Once I rode south on the back of a motorcycle along the Pacific coast with its smoking rollers and ghostly wrecks on empty shorelines. We turned inland to Arequipa and the volcano, El Misti when, approaching a low bridge over a dried up river, the motorcycle skidded on scree and we both fell off. We were safe due to the copious clothing we were wearing and our slow speed; the motorbike, however, was not. Unwilling to waste my break holed up in Arequipa with no chance of reaching Machu Picchu, we hitched a lift with the first large truck that came our way. The driver took the motorbike too and dropped its owner somewhere within reach of town, while I carried on overnight. I was dropped in Puno at sunrise, where I saw Inti rising golden from Lake Titicaca in a smoking dawn that cast silhouettes of morning coffee vendors around the station. I was alone and unafraid.


On the crowded platform of Cusco station, I was relieved of my handbag by means of a razor. Luckily, my money was elsewhere. Robbery was a way of life in Peru. There was no point in getting upset. I caught up with friends and we headed to Machu Picchu and on to Ollantaytambo. Since those days, this trip has become commonplace but it was a relative rarity then. Feeling cold at night and heady from Soroche, or altitude sickness, I can remember women sitting on the ground selling piles of alpaca jumpers and blankets in front of Inca foundations surmounted by Spanish colonial roofs. I recall too the huge walls of the boulder built fortress of Sacsayhuaman and an exuberant square filled with young hippies, Australians with hilarious stories. Bliss it was to be young at such a time!


There were further journeys, one with Doris to New Orleans and Mexico. We went to Merida, took a boat out on a windy lake with some young lads and visited a village of hammocks. We went to Chitchen Itza, Palenque, Acapulco and a yet undeveloped Puerto Escondido, where I nearly put my hand into a ceiling fan. I can hear Doris now saying, “No!” and saving me from an awful injury. We drove along the coast from Puebla to Vera Cruz, taking many ferries to make our way north. There were butterflies and forest fires and winding roads. Doris was a confident driver, calm when we ran out of petrol, fearless, very cool.


In my second year in Lima, I took a cheap flat in a barrio street off a park called Diagonal, long-since disappeared. The neighbourhood, known as Manuel Bonilla, was a hive of activity: apothekes, pop-up restaurants, late night bars. Around the corner was the pretty café, La Tiendacita Blanca, a step across the park from the Haiti and El Pacifico cinemas and opposite, The Blue Lagoon, a rough watering hole. This flat had cockroaches, a fan, and brown lino. On returning from a holiday, I found myriad insect wings all over the floor, presumably from the creatures that left piles of sawdust beneath the doors. When I swept them up, they flew around me in a disembodied cloud. Such things are the stuff of Latin American magical realism, which is, in fact, hardly fiction at all.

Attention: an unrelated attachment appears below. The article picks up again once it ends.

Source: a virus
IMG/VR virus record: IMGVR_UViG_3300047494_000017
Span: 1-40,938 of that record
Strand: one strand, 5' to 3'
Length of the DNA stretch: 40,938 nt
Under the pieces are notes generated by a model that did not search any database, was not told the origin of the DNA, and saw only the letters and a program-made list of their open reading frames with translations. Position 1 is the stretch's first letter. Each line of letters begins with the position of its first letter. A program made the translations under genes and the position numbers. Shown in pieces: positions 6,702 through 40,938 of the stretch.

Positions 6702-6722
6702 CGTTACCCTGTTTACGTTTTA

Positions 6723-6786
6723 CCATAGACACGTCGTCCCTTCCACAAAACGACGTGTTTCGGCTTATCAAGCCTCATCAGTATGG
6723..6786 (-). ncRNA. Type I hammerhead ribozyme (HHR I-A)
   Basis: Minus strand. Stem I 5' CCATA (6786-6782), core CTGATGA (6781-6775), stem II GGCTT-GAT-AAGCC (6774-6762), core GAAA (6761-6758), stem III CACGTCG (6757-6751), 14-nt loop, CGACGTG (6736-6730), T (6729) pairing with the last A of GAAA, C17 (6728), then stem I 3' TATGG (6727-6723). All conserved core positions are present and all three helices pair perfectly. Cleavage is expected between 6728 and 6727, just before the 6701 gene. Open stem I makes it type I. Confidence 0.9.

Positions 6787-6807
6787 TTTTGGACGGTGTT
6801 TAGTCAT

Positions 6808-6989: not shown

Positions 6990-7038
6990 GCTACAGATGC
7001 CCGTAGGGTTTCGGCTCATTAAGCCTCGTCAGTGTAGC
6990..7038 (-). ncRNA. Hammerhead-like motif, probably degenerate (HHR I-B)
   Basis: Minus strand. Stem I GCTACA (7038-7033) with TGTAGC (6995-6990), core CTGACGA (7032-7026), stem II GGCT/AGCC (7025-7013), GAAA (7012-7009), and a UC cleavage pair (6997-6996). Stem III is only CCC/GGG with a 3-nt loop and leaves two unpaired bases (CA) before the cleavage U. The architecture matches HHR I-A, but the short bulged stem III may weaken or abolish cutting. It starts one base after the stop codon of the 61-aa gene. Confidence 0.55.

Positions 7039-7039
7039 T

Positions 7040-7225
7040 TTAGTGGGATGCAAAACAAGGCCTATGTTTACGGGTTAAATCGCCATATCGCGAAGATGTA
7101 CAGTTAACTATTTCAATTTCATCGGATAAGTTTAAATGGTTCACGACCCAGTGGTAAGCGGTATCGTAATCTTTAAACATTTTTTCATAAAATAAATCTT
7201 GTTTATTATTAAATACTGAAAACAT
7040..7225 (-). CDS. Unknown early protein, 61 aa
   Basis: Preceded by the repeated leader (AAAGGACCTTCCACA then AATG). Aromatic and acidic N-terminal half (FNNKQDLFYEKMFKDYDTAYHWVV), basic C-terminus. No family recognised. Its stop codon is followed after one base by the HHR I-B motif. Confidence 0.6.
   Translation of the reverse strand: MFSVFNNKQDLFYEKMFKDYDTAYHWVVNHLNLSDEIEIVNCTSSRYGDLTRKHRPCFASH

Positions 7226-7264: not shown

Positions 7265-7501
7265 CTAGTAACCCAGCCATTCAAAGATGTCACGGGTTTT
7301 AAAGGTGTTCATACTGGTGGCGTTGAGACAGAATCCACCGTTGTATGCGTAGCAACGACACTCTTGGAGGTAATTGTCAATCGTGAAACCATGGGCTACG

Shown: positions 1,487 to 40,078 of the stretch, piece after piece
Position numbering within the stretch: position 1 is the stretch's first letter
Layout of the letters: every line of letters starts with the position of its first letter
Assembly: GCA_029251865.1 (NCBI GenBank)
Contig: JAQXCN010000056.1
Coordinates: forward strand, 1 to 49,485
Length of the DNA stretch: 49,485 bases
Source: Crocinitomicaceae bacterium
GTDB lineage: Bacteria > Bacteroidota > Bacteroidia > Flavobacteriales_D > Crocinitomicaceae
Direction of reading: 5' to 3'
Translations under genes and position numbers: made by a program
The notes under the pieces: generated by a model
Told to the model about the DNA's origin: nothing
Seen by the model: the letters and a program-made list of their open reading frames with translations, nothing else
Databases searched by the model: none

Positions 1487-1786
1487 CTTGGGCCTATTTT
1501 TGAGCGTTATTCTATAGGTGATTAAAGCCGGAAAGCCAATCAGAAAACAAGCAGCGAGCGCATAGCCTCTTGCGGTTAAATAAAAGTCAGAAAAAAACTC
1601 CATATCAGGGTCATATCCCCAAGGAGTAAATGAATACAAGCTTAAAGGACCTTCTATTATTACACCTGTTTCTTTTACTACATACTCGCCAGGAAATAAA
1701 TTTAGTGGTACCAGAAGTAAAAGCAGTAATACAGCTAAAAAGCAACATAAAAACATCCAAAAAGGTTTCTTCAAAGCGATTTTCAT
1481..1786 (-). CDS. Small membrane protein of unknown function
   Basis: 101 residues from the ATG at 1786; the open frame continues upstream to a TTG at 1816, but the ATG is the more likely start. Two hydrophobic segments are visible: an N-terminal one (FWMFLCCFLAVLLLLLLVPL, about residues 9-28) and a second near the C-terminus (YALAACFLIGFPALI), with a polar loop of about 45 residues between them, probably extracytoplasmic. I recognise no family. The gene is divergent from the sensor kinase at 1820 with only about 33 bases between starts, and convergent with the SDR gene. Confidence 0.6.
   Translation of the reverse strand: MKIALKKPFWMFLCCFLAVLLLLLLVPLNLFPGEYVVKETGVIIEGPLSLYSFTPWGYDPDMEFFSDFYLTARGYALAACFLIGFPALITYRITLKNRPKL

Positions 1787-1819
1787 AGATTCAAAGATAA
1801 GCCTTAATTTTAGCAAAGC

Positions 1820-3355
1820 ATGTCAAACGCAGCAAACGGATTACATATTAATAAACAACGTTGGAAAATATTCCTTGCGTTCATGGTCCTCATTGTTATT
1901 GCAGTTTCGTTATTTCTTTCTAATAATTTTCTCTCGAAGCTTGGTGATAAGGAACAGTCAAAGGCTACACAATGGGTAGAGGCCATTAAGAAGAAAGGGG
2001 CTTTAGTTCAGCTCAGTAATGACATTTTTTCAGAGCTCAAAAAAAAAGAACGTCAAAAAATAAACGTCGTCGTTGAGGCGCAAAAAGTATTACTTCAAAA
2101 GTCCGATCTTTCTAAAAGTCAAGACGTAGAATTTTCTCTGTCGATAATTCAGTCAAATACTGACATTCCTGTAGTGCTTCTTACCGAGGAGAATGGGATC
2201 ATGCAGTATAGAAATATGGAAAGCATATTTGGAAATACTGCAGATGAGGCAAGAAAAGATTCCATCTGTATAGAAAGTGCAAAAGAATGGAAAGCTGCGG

I went to Rio de Janeiro with the hockey girls and remember being shocked at the sight of such large crowds, heads upon heads into the horizon. It would be thirty years but eventually Europe too would look like this. It was my last holiday without my future husband, Dan. From now on, all of our time would be spent together as lifelong partners. In October of 1983, we walked the Inca Trail. Unbelievably now, during our three-day hike, we met just one poncho-wearing man and his dog. We camped late, illicitly, in the ruins of Machu Picchu. All night, I burned with the knowledge of something stupendous outside, as I had done when I was a child sleeping beside the sea. I found out about mountain passes, in the snow on my knees, sulking in misery beneath a tarpaulin as Dan dug deep into his rucksack to make us packet soup. Why this intrepid explorer chose me, a weakling, small and scatty, to be his partner in life, I still am not sure. I do believe we saved each other. I saved him from an early death by misadventure, while he saved me from atrophy on a sofa in front of the TV.



Heather Gatley, still travelling

Heather Gatley was born in Cyprus to British parents and has lived and worked all over the world as an English teacher. She has had poetry, prose and photographs published in Proximity Magazine, Scarlet Leaf Review, Ariel Chart, Centered on Taipei, the Carmarthen Journal and Memoirist. Her four chapbooks of poems, entitled “Indigo Sky”, “Tombs of Gold” “Last Boat to Brienzersee” and The Cliffs of Qingshui are available on Amazon.